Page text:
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Film, fashion and fragrance: Actress Chloe Sevigny creates her first scent

Indie darling and 90s icon Chloe Sevigny’s Little Flower fragrance follows a less familiar retail route than other celebrity scents to launch in the saturated perfume market.

Film, fashion and fragrance: Actress Chloe Sevigny creates her first scent

Chloe Sevigny at the Venice International Film Festival in 2017. (Photo: Alessandro Bianchi)

Chloe Sevigny’s voicemail message – a four-second clip from HBO show Mad Men – is a deadpan but fitting one for the actress who has lived in the city since 1993. “This is ridiculous. If I’m going to die, I want to die in Manhattan.”

She is currently in Italy, filming Luca Guadagnino’s new HBO show We Are Who We Are. Speaking to me from a coastal town near Venice, she says the episode, which aired in 2010, struck a chord. The message “is like one million years old, I’ve had the same voicemail ever since then,” she said. “But I [too] hate being away from home. I get very homesick. Even if I’m in America, I don’t like to be away from New York.”

She will remain in Italy until November, when the eight-part drama written and directed by the Call Me By Your Name director finally wraps; she’s also recently shot Melina Matsoukas’ Queen & Slim. Sevigny spends so much time away from her apartment in SoHo that “being in New York feels like a vacation. But everybody’s gotta work right?” she laughed. “Unless you’ve got a rich husband. Which I don’t. So . . . ”

Sevigny shot to fame in 1995 following her debut in Larry Clark’s indie film Kids, which catapulted her to It Girl (and youth style icon) status; today, she keeps her finger in many creative pies. Aside from starring in a roster of high-profile, independent flicks, she has recently turned her hand to directing; she’s also designed an opticals collection with US eyewear label Warby Parker; walked in Simone Rocha’s Autumn/Winter 2019 runway show.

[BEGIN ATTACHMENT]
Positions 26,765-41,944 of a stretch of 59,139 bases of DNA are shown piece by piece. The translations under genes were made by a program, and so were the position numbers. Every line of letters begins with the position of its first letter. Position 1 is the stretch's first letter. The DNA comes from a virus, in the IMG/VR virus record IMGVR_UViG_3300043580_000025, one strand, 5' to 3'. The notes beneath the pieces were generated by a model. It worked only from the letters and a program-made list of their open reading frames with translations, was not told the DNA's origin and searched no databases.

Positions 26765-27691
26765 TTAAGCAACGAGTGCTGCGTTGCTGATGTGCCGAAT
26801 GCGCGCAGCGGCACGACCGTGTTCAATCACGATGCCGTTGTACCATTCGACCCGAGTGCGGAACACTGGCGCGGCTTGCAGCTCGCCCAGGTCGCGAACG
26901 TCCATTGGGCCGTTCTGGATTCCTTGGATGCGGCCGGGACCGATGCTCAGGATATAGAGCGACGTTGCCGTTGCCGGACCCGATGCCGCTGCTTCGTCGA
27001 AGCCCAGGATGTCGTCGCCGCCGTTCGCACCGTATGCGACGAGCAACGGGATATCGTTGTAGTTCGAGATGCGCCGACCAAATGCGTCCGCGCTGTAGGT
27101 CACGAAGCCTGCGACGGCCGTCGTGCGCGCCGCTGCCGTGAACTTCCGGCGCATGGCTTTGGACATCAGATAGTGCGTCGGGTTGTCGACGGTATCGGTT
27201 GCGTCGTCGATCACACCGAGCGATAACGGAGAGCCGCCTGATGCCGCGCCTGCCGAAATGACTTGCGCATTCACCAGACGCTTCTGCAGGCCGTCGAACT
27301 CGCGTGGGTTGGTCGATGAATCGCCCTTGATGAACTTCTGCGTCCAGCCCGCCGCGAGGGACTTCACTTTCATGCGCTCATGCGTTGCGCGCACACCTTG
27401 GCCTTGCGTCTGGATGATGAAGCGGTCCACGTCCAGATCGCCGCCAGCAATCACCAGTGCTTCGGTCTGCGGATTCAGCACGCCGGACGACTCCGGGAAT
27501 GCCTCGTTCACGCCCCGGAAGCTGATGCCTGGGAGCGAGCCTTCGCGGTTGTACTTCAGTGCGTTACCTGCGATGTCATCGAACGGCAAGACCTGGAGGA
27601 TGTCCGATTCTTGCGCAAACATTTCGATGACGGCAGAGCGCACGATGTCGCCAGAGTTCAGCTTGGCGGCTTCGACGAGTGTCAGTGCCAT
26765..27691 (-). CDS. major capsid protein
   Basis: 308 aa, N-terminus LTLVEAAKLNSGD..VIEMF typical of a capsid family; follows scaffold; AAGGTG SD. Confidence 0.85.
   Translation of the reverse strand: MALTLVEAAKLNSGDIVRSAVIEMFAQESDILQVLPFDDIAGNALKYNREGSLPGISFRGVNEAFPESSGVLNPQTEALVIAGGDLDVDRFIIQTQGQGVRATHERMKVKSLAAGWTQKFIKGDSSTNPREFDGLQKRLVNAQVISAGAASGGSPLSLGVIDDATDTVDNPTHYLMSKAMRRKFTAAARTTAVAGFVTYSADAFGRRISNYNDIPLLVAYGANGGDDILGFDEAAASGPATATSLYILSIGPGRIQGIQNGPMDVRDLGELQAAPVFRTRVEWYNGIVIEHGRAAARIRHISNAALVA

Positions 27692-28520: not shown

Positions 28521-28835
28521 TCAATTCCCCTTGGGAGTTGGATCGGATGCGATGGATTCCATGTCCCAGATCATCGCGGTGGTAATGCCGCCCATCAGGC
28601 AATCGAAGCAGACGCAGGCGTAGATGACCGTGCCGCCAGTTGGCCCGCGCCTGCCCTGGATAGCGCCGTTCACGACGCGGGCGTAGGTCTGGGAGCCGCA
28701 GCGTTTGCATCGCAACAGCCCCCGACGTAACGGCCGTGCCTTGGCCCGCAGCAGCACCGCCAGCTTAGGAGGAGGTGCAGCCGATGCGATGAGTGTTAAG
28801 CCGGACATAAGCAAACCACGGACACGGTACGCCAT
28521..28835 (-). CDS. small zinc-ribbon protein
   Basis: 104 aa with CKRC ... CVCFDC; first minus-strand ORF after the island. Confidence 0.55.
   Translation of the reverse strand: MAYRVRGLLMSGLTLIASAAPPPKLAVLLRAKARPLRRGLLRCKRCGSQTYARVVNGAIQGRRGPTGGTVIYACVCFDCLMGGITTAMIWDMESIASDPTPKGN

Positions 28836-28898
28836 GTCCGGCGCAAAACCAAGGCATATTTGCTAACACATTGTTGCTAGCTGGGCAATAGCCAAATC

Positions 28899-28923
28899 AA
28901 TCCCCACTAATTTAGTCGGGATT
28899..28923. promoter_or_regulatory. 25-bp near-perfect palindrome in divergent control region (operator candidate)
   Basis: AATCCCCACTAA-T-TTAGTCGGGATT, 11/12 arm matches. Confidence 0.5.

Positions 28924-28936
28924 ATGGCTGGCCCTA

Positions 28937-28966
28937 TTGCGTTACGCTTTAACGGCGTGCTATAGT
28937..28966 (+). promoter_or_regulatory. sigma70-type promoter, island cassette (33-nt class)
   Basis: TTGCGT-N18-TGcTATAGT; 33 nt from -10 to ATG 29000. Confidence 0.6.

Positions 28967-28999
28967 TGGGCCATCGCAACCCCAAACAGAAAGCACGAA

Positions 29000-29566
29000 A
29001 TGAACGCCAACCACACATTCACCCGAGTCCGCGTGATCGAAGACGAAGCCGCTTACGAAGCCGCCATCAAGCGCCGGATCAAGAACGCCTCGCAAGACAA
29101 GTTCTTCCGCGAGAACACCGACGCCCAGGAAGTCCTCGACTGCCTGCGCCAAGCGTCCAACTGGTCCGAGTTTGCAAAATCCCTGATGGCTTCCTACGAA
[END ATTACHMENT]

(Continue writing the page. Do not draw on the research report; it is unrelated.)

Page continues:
Sevigny in a still from the 1997 film Gummo.

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At 44, Sevigny retains the same sense of cool that has trailed her since the 90s. Back then, young girls the world over wanted to emulate her quirky wardrobe, sourced from thrift shops in Manhattan and Brooklyn. “I always wore second-hand clothes growing up, it was instilled by my parents,” she said. “I found comfort in it. The thrill of the hunt.” She was so ahead of the fashion curve that during a New Yorker interview in 1994, while perched at an outdoor table in the East Village, two teens asked Sevigny where her jelly shoes were from. She told them, then promptly took herself – and the journalist – to Chinatown to buy new shoes, lest everybody start wearing jellies.

“I try and frequent independent stores for everything,” said the actress. Her Little Flower fragrance, naturally, follows a less familiar retail route than other celebrity scents to launch in the saturated perfume market. Rather than launching at a mainstream department store (or, as Kim Kardashian did, on Instagram), Sevigny’s perfume will debut exclusively at Dover Street Market (DSM) – the cult high-fashion shop founded in 2004 by Comme des Garcons’ Rei Kawakubo – in Los Angeles, London and, of course, New York. “The designers [DSM] carry have a real point of view,” she said. “It’s a place where people can go if they are looking for something unique and different from the mainstream, and the fragrances that they carry are complicated and offer a different experience.”